Kentucky -- History -- Civil War, 1861-1865.
Found in 9 Collections and/or Records:
In twenty letters between 1863 and 1864, Alonzo Frink, a Union soldier with the 32nd Regiment, Iowa Volunteer Infantry, Company B, describes camp life and news of military successes in the Civil War to his wife Emily in Mason City, Iowa. The letters from early 1863 were written from Fort Pillow in Lauderdale County, Tenn., while those from the second half of the year were from Columbus, Ky.
This collection contains six letters of personal correspondence between Elijah Hawn and his wife Nancy dated from May 26, 1862 through June 16, 1863. Also included are form no. 79 from the U.S. Treasury Department (which allows for Nancy to be granted a widow’s pension), a letter from the Department of the Interior rejecting her widow’s pension on the grounds that she remarried, and a division of land agreement.
J. P. Hollowell wrote this letter to his sister, Sallie Hollowell, from camp in Bowling Green, Kentucky. In it, he mentions that his unit has been looking for a fight, but their location is too well fortified. Hollowell also apologizes for not being home for Christmas and says that he wants a new pair of pants.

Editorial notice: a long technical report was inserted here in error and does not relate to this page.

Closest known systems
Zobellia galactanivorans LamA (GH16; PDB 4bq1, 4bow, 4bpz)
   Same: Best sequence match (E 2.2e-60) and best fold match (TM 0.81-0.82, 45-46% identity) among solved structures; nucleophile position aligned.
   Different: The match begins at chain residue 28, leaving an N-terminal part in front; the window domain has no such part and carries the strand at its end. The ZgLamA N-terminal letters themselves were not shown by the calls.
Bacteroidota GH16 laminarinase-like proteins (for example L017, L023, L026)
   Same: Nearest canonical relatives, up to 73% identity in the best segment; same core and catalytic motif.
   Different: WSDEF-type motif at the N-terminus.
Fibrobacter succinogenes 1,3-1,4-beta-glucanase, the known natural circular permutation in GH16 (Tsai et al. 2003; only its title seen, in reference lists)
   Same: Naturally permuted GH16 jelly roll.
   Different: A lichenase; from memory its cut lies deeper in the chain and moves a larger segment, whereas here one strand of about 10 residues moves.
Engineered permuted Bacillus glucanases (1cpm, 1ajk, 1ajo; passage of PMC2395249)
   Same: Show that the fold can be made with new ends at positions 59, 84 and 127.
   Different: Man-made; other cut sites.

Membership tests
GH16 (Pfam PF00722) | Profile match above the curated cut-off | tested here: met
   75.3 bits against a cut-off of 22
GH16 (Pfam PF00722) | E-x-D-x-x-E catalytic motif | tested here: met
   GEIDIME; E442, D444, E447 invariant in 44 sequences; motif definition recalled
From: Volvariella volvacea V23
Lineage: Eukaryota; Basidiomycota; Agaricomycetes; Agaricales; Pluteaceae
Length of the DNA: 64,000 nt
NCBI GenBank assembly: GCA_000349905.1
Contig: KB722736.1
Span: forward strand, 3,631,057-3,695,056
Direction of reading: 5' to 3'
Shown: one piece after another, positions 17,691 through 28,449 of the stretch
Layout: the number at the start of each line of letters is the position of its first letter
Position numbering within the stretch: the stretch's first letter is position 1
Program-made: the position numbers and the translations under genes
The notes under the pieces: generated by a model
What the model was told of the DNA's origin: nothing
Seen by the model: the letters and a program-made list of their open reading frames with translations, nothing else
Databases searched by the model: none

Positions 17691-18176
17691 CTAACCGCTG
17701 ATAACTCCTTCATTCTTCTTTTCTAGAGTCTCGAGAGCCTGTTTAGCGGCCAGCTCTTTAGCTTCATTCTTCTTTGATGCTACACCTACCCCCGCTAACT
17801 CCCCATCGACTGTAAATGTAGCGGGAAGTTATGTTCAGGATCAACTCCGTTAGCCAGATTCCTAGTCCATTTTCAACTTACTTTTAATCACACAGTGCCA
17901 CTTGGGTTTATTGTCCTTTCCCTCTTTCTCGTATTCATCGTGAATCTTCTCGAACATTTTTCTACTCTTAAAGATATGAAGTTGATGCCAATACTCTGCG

Jefferson Justice's handwritten report in September 1863 of items lost in transportation from Crab Orchard, Kentucky to Knoxville, Tennessee after the 1863 Siege of Knoxville; items mentioned include bread, coffee, and sugar.
The diary housed in this collection documents John M. Hollis's Civil War service, including his enlistment and training and his unit's marches through Arkansas, Missouri, Mississippi, Tennessee, Alabama, and Kentucky. Of particular interest are the descriptions of fierce battles at Murfreesboro, Tennessee and Perryville, Kentucky.
This collection consists primarily of letters that John Watkins, then serving with the 19th Ohio Light Artillery, wrote to his fiancee, Sarah Probert, and other family members. In them, he discusses his experiences in the Civil War, including his unit's participation in the East Tennessee Campaign and the Battle of Fort Sanders. Also included are family diaries, photographs, and account books.
William J. Crook wrote this letter to his cousin from the field in Kentucky on October 7, 1862. He discusses his regiment's campaign in Kentucky, including the recent Confederate victory in the Battle of Richmond. He also proclaims his belief in the Southern cause, praises Southern womanhood, and discusses religion and family life.
This Confederate pay voucher, written on Form No. 3 (Officers Pay Account), documents Captain William Jennings' pay from September 1, 1862 through November 28, 1862. Captains were paid $140.00 per month, so Jennings received a total of $410.67 for his service during this period. Receipt of delivery signed on the pay voucher places Captain Jennings in Knoxville, Tennessee on April 13, 1863.